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President Donald Trump walks to the Oval Office with Sen. Lindsey Graham, R-S.C. File/Evan Vucci/AP

When President Donald Trump sought to crack down on the U.S.-Mexico border, U.S. Sen. Lindsey Graham — who for years pursued moderate compromises on immigration to the chagrin of conservative activists — came forward with his own bill to place tight restrictions on the asylum process.

After breaking with many Republicans to confirm President Barack Obama's Supreme Court nominees, Graham went to bat for Trump's judicial picks, most memorably his emotional outburst during Brett Kavanaugh's Supreme Court nomination hearing.

While businesses back home in South Carolina complain about the impact of Trump's trade war, Graham responded by telling them they've "just got to accept the pain that comes with standing up to China."

And, most recently, in the face of rising Democratic calls for Trump's impeachment, Graham stood firmly by the side of a president whom he once called a "kook" and "unfit for office," dismissing allegations of impropriety in Trump's apparent efforts to get foreign countries to investigate his domestic political rivals.

But when it comes to Middle East foreign policy, the issue Graham has long felt most strongly about, South Carolina's Republican senior senator has never hesitated to publicly condemn Trump each and every time he has sought to retreat from the region.

That recurring conflict reared its head again Monday morning, as Graham castigated Trump's abrupt decision to withdraw U.S. troops from northern Syria as "a disaster in the making."

Graham, along with many fellow lawmakers on both sides of the aisle — plus Trump's own former ambassador to the United Nations, former S.C. Gov. Nikki Haley — fears the move would leave America's Kurdish allies under grave threat from their Turkish neighbors and risk reinvigorating ISIS.

"I like President Trump, I’ve tried to help him," Graham said as he called into "Fox and Friends," well known as the president's favorite morning talk show. "This to me is just unnerving to its core. To say to the American people ISIS has been destroyed in Syria is not true."

Graham's split from Trump on foreign policy is nothing new, even if this particular episode may have elicited some of his harshest criticism yet.

A military hawk with an expansive view of America's role in the world was always destined to clash with a president who campaigned on ending what he termed America's "stupid wars." They now have several times.

Graham said he was "terribly disappointed" with Trump's 2017 decision to try terrorism suspects in criminal court rather than declare them enemy combatants and described a possible peace agreement with the Taliban in Afghanistan — which has since fallen apart — as "a bigger mistake than Obama’s Iranian nuclear deal."

After a March 2018 visit to the region, Graham penned a Wall Street Journal op-ed that said he did not see "a coherent strategy from the administration." When Trump last considered leaving Syria in December 2018, Graham warned of "devastating consequences."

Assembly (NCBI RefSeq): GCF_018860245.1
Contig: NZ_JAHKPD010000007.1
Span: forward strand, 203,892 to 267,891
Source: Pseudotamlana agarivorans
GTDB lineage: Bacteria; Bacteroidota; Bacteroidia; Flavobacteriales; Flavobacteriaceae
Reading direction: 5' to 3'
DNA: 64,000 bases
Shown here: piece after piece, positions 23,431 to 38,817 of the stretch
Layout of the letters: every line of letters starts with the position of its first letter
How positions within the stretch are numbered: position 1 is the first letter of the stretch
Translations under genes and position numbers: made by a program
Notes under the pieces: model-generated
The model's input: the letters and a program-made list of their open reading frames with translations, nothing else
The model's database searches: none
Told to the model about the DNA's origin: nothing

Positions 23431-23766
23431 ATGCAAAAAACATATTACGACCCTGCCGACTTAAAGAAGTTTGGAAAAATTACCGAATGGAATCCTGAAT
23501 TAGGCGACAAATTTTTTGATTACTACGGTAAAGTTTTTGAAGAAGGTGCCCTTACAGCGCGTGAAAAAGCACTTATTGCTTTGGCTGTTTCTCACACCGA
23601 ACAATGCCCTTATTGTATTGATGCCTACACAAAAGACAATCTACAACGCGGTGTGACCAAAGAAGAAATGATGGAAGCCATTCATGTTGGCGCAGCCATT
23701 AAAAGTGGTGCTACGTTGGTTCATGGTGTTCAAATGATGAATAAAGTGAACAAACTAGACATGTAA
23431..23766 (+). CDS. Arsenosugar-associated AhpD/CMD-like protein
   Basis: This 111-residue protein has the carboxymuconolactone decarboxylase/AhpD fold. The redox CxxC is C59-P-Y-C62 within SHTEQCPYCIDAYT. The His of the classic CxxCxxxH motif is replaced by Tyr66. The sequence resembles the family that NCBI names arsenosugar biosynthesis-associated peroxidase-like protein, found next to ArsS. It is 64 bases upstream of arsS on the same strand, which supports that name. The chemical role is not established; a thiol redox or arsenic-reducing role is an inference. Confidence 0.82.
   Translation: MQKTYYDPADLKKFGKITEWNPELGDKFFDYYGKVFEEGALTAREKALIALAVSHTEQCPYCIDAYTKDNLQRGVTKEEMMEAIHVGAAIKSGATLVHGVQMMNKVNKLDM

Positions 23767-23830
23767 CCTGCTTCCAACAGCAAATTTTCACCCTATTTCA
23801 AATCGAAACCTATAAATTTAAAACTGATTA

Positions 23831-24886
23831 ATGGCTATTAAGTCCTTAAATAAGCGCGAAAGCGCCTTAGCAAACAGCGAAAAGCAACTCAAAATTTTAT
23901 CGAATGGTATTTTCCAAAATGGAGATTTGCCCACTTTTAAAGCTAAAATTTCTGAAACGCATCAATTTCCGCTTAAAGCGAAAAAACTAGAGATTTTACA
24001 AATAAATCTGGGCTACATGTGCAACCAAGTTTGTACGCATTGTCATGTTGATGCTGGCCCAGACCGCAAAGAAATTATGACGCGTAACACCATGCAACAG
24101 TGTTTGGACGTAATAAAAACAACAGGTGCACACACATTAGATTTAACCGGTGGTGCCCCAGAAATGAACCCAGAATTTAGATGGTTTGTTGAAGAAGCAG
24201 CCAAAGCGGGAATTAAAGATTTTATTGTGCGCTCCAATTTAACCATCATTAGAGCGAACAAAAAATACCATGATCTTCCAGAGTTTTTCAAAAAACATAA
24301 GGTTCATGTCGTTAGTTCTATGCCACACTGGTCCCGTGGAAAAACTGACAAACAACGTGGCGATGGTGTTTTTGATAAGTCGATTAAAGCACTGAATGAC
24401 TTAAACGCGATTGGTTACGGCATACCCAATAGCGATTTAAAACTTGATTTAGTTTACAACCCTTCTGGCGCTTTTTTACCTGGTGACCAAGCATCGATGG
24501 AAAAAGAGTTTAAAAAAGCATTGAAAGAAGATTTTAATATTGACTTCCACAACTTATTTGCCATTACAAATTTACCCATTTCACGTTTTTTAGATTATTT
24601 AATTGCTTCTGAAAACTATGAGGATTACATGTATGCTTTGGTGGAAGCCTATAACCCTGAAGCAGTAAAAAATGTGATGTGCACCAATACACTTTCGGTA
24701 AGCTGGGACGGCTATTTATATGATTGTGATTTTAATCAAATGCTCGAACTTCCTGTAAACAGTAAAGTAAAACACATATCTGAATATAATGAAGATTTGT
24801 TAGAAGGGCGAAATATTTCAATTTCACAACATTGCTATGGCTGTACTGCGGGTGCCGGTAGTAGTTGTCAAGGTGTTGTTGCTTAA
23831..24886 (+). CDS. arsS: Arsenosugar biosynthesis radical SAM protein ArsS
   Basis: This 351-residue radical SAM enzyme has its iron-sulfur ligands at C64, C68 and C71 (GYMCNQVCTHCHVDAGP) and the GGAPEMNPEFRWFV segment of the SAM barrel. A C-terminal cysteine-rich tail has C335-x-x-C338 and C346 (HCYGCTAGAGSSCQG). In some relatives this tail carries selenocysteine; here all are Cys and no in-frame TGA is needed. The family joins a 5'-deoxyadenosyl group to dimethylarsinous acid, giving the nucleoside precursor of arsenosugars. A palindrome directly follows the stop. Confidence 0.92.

In a play to Trump's loathing of his predecessor, Graham often invokes Obama comparisons to try to convince Trump to change course — a rhetorical tool he deployed again Monday.

"If I didn’t see Donald Trump’s name on the tweet, I thought it would be Obama’s rationale for getting out of Iraq," he said on Fox and Friends. 

Graham has been forthcoming about the fact that his attempts to build a friendly relationship with Trump on other issues is in part designed so that he can try to influence his foreign policy decisions. Trump has acknowledged that he hears Graham out on foreign policy issues. 

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"I really enjoy the time I have with the president," Graham said in an August interview with The Post and Courier. "I'm in a spot where I can be me. On national security, I'm in a different place than probably he is, but I'm trying to help him where I can."

Graham's stronger reputation among Republicans in South Carolina than in years past may also give him more leeway to openly disagree with a president who remains overwhelmingly popular with the GOP base.

Up for re-election in 2020, Graham has likely avoided the possibility of a credible primary challenger. He is now spending the political capital he raised.

"After the Kavanaugh hearings, he seems to be in much better standing, and he's able to take advantage of it without fear of the political repercussions," said Clemson political science professor Dave Woodard, who managed Graham's first campaign for Congress in 1994.

For all the fire and brimstone, the disputes have yet to land a fatal blow on Graham's relationship with Trump. After previous disagreements, the two often ended up right back on the golf course together just a few days later as if nothing had happened.

Whether this time will be different remains to be seen. But Graham does not appear to be worried.

"I lose zero sleep about saying nice things about him," Graham said in the August interview. "I also lose zero sleep about saying, 'That's nuts.'"

Follow Jamie Lovegrove on Twitter @jslovegrove.

Jamie Lovegrove is a political reporter covering the South Carolina Statehouse, congressional delegation and campaigns. He previously covered Texas politics in Washington for The Dallas Morning News and in Austin for the Texas Tribune.